Instant Runoff Voting (IRV) presumably would have behaved in essentially the same bad way in this election because this race was dominated by the top 3 contenders.
Top-2-runoff and IRV are the same thing in a 3-candidate race, if the voters are the same and act self-consistent. But how solid was the top-3 domination in this race? If 99% of Holloway's votes transferred to Roemer while only 1% went to Duke that would have (just barely) put Roemer in the runoff. However, a split that drastic would have been extremely implausible. Trying for the most-plausible scenario: If all candidates from Holloway (4th) onward were lumped into a single "supercandidate" with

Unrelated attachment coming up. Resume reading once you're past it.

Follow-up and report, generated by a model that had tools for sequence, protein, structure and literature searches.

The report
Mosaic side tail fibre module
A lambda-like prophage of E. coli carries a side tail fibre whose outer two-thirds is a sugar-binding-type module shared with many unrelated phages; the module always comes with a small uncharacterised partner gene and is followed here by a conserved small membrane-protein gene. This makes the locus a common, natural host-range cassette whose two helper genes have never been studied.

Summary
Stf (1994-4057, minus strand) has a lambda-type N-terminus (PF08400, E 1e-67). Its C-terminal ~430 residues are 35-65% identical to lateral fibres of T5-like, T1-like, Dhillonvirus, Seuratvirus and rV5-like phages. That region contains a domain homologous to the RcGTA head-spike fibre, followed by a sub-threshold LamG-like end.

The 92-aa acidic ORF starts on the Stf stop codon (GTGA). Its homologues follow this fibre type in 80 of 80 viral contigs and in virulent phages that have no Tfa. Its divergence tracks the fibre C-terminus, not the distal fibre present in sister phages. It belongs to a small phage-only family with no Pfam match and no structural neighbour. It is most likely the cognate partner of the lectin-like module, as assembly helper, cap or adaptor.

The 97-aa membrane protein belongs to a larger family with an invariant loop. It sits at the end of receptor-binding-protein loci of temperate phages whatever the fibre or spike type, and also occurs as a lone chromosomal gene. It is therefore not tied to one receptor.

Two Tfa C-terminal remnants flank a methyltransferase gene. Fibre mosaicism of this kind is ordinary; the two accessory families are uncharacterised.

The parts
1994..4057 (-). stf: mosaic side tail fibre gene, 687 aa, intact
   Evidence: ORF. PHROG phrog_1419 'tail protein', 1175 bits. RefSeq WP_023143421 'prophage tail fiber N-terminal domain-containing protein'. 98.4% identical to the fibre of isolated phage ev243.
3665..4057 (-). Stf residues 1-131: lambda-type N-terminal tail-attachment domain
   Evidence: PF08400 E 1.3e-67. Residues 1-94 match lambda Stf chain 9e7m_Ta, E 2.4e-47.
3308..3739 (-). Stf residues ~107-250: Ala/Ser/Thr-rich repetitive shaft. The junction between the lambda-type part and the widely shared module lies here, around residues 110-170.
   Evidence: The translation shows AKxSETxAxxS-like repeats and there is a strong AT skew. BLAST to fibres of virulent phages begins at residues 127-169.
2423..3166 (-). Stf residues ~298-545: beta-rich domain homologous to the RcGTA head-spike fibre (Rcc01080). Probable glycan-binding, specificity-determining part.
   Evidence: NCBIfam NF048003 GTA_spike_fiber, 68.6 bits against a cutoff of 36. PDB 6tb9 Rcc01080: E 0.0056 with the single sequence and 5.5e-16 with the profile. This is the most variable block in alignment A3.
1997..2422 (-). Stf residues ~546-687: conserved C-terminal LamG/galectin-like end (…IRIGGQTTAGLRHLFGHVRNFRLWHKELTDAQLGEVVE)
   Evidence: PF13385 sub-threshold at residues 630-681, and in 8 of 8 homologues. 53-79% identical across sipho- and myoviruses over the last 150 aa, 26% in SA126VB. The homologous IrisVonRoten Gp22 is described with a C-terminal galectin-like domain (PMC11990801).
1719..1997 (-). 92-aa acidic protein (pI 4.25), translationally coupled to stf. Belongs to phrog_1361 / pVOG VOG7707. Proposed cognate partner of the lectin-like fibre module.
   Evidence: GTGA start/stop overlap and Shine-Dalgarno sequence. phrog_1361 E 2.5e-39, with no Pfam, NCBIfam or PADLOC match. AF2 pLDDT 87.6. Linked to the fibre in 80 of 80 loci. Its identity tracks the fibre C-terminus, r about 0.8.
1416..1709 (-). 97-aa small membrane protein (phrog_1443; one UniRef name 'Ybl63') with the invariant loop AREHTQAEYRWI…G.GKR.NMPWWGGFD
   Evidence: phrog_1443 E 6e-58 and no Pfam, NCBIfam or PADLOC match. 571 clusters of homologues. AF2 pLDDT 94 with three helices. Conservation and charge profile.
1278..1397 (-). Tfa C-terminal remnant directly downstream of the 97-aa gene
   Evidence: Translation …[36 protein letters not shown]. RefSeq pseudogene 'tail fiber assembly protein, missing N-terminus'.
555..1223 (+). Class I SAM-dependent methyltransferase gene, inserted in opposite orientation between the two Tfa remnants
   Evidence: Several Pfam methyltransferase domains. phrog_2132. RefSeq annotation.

votes, then in order for them to put Roemer into runoff ahead of Duke, those 124127 would have had to transfer 80652+X to Roemer, X to Duke, Y to Edwards, and Z failing to transfer to anybody, for some X,Y,Z≥0 with 80652+2X+Y+Z=124127. In practice in the real world, even in simple IRV elections with highly experienced voters, at least about 10% fail to transfer, so I think it is safe to assume Z≥12000. I also think it is safe to assume Y≥15000. Hence 80652+2X≥97127, hence 2X≤16475. So in order to push Roemer into runoff we would have needed a transfer from Supercandidate to Roemer of at least 88890 and from Supercandidate to Duke of at most 8237; this is a 92-8 percentage split. It seems safe to regard a split this drastic as having had virtually zero chance of happening. This completes our argument that IRV would not have changed the result.
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